SpaceX given the green light to launch its Starship rocket on Friday

The US aviation regulator, the FAA, gave SpaceX the go-ahead on Wednesday for Elon Musk’s aerospace company to make a second attempt at launching its Starship rocket, the most powerful ever built, following a spectacular explosion in April.

In a press release, the FAA indicated that the company has now “met all the necessary criteria,” particularly in terms of safety, environmental and financial responsibility, following the failure of the first launch of its next-generation rocket.

“We are targeting Friday, November 17th for the second Starship test launch,” SpaceX posted on X (formerly Twitter), following the FAA’s announcement.

The two-hour launch window will open at 7:00 a.m. local time (1:00 p.m. GMT) for launch from SpaceX’s base in Boca Chica, Texas.

The development of the Starship is being watched very closely by NASA, which is counting on this craft for its Artemis missions when returning to the Moon. A modified version of the machine must actually serve as a lunar lander to deposit astronauts on the surface of the moon.

On April 20, Starship took off from Texas for the first time in its complete configuration. But several engines failed, and SpaceX teams deliberately blew up the rocket after a few minutes.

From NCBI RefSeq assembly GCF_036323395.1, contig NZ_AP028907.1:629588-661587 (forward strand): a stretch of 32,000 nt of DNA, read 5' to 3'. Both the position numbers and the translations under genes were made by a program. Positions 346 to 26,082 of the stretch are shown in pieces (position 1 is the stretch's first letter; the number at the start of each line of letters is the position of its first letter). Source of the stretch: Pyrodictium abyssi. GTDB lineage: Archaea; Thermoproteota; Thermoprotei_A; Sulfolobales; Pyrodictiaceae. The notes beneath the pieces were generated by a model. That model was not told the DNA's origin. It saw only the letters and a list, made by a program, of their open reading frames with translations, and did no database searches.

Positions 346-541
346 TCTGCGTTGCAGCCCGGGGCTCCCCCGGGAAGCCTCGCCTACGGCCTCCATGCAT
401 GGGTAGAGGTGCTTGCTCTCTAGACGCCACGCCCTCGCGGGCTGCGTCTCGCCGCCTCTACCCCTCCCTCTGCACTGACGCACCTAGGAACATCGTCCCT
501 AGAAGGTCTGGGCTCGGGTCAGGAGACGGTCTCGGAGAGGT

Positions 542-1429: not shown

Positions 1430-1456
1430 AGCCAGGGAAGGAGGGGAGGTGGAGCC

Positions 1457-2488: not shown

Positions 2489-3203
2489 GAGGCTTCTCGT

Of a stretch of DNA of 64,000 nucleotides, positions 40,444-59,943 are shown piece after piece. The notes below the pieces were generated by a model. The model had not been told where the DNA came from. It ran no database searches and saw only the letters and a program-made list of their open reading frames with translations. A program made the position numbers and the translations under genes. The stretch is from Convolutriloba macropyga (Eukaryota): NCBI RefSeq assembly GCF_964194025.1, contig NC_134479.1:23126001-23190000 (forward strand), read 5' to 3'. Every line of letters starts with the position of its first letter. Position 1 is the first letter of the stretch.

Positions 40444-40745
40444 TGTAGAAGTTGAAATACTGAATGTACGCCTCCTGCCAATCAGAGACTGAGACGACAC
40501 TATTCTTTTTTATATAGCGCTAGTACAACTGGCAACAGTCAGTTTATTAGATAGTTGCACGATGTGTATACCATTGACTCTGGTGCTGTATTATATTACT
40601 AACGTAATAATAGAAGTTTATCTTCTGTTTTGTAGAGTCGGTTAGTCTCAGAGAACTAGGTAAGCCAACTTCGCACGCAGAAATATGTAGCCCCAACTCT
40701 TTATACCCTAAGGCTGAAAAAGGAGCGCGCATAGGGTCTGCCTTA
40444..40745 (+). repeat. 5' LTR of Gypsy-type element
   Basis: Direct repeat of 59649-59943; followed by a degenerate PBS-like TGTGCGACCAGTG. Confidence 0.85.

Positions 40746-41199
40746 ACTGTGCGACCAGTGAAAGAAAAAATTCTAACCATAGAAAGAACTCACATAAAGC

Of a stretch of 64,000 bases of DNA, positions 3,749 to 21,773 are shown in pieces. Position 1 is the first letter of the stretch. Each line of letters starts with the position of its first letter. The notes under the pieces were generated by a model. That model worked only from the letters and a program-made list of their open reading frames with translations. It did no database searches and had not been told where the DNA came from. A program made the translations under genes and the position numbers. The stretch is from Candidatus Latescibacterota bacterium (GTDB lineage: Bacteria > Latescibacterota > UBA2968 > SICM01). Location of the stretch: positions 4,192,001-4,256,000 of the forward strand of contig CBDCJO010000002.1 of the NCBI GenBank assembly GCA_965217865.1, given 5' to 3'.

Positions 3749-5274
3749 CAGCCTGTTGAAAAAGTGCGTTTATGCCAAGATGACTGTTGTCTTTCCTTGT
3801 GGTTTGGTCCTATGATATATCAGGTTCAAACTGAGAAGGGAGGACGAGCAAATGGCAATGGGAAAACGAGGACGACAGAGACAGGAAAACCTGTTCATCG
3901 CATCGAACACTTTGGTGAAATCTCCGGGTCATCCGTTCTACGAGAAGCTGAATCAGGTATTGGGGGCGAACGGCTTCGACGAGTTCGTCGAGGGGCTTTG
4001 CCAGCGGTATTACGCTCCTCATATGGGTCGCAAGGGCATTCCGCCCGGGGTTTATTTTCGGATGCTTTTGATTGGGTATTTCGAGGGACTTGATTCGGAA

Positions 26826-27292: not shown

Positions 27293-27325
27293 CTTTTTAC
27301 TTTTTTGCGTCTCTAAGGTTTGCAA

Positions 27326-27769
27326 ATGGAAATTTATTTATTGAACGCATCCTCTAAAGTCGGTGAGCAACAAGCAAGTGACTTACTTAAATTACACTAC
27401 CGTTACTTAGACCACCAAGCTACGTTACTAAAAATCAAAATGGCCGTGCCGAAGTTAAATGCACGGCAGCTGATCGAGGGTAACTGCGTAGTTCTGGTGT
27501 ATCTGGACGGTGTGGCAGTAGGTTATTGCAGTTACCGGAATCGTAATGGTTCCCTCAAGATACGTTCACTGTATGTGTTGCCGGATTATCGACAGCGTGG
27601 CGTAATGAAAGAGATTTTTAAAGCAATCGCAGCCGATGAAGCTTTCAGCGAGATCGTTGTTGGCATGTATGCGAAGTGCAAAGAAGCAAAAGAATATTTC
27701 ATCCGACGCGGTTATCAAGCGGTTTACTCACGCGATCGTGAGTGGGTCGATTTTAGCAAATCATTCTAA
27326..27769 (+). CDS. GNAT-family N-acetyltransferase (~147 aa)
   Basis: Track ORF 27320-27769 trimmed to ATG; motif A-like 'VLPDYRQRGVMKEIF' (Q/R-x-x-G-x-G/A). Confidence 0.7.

The takeoff sent a cloud of dust several kilometers northwest of the launch pad, which itself was badly damaged. Chunks of concrete were catapulted under the power of the engine.

The failure led to an environmental and safety investigation by the FAA, and several environmental NGOs announced their intention to sue SpaceX.

“We fear that this second launch will again create significant damage to the environment,” Jared Margolis, a lawyer for the NGO Center for Biological Diversity, told AFP.

The Starship is a huge rocket 120 meters high, consisting of two stages: the Super Heavy propulsion stage and its 33 engines, and above it the Starship spacecraft, after which the entire rocket is named.

Its real innovation is that it has to be completely reusable, and the two stages are designed to return to earth on their launch pad — keeping costs down.

The flight plan will be the same as in April: the spacecraft must try to make “almost a complete circumnavigation of the Earth and dive into the water somewhere in the Pacific, not far from the coast of Hawaii,” described the billionaire. So technically it won’t reach Earth’s orbit, but will be “just below”.

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